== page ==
LN Gets Copenhagen Arena

It won’t see the fruits of its labour for another three years, but Live Nation has beaten AEG in the battle to run the new arena in Copenhagen, Denmark.

The Danish capital’s local authority announced the decision Dec. 9, ending a bidding process that stretches back to September 2008.

It’s an important strategic victory for LN, as losing out to its major rival would have given AEG control of a block of arenas in major European cities including Berlin, Hamburg, Copenhagen and Stockholm.

It’s not a bad routing for a touring act, particularly an American one, that can afford the time to do only four shows in Germany and the Nordic region.

Roskilde University lecturer Fabian Holt, who specializes in music and events, described the arena tendering process as “a battle of giants.”

“It’s a battle for a market, which neither of the two players wants to lose,” he told Børsen, Denmark’s leading business paper.

It was also something of a turnaround, as AEG appeared to get a head start in winning the first tender to run the venue in 2009.

On that occasion, the project fell through because AEG couldn’t round up enough backers to fund the build.

What’s changed in the last two years is a study by London-based global construction consultants Davis Langdon. It showed it would be financially viable for city redevelopment agency Realdania, the city council and the City & Port Development organisation to pay for the building and lease it to the developer. City & Port Development owns the Ørestad site earmarked for the development.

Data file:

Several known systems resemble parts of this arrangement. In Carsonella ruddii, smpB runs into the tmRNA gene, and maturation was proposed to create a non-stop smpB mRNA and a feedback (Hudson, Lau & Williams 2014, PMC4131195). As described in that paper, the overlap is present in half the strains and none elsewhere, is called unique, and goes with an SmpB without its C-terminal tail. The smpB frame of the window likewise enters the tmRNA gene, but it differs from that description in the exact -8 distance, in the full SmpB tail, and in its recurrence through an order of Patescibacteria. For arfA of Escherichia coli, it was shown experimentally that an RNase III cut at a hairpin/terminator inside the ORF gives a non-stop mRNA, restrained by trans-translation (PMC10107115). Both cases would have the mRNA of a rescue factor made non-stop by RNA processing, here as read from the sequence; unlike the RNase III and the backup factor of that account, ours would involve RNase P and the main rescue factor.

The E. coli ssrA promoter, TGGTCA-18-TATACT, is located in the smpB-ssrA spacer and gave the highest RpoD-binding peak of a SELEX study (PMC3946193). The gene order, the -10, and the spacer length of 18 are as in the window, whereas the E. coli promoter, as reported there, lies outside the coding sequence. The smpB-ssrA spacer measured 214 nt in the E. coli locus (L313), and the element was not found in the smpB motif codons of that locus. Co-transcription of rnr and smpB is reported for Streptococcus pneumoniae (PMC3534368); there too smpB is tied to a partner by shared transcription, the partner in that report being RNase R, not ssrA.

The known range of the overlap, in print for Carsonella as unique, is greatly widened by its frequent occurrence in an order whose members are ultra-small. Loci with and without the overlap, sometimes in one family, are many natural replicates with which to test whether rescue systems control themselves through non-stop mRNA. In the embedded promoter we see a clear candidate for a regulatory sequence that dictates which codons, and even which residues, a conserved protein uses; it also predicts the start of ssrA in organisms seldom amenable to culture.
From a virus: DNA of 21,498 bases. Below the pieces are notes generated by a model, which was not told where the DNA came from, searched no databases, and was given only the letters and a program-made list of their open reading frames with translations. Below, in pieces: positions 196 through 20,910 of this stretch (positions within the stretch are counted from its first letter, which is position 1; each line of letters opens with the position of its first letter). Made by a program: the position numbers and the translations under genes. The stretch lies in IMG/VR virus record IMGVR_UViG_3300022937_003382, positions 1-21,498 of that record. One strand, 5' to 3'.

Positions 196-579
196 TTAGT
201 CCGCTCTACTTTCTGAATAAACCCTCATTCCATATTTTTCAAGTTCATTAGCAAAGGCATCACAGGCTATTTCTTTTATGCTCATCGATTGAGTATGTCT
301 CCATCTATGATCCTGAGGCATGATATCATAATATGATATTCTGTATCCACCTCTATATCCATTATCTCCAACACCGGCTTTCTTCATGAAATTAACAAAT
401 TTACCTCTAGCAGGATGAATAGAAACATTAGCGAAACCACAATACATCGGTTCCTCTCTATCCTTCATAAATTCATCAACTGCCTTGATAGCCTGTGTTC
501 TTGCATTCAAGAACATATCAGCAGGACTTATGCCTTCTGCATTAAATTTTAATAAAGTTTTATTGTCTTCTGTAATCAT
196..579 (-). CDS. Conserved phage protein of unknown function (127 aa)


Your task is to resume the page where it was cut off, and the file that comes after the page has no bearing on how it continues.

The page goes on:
Live Nation Denmark chief Flemming Schmidt played a tactical card by basing his company’s bid on the premise that it would be the better provider of content.

That left the local authority to ponder the (possibly) unspoken threat that Live Nation could starve its new venue of talent by switching arena-sized shows from Copenhagen to the 15,500-capacity Malmö Arena in Sweden.

Danish music fans would hardly be inconvenienced by the switch. It would mean crossing the border into Sweden to catch the act, but the bridge that links Malmö with Copenhagen means the journey is arguably less hassle than crossing London.

In most cases, it wouldn’t even be necessary to switch to Malmö. Family shows and musicals, or any event with multiple bookings, could easily have been accommodated in Copenhagen’s 5,000-capacity Forum.

Schmidt wouldn’t comment on whether he’d go as far as boycotting the arena, because talking to the media would contravene the rules of the bidding process.

Pia Allerslev, Copenhagen deputy mayor for culture and leisure, said the council is pleased to have “an operator with international experience in the operation of arenas.”

He said “it gives a good starting point for good events” and will help Copenhagen match up to cities like London, Berlin, Stockholm and Hamburg.

“The opportunity to manage a fabulous new arena, supported by the most prolific local promoter, makes eminent business sense and we are very pleased to be working with the developers to bring this project to fruition,” said LN chief operating officer Paul Latham.

Copenhagen city council has also announced that five teams of architects –whittled down from a field of 41 – have won through to the second phase of the tender to design the building.

The winner will be announced by the end of next year, and the arena – which is reportedly costing somewhere around 1 billion Danish kroner (nearly $180 million) – is scheduled to open in 2015.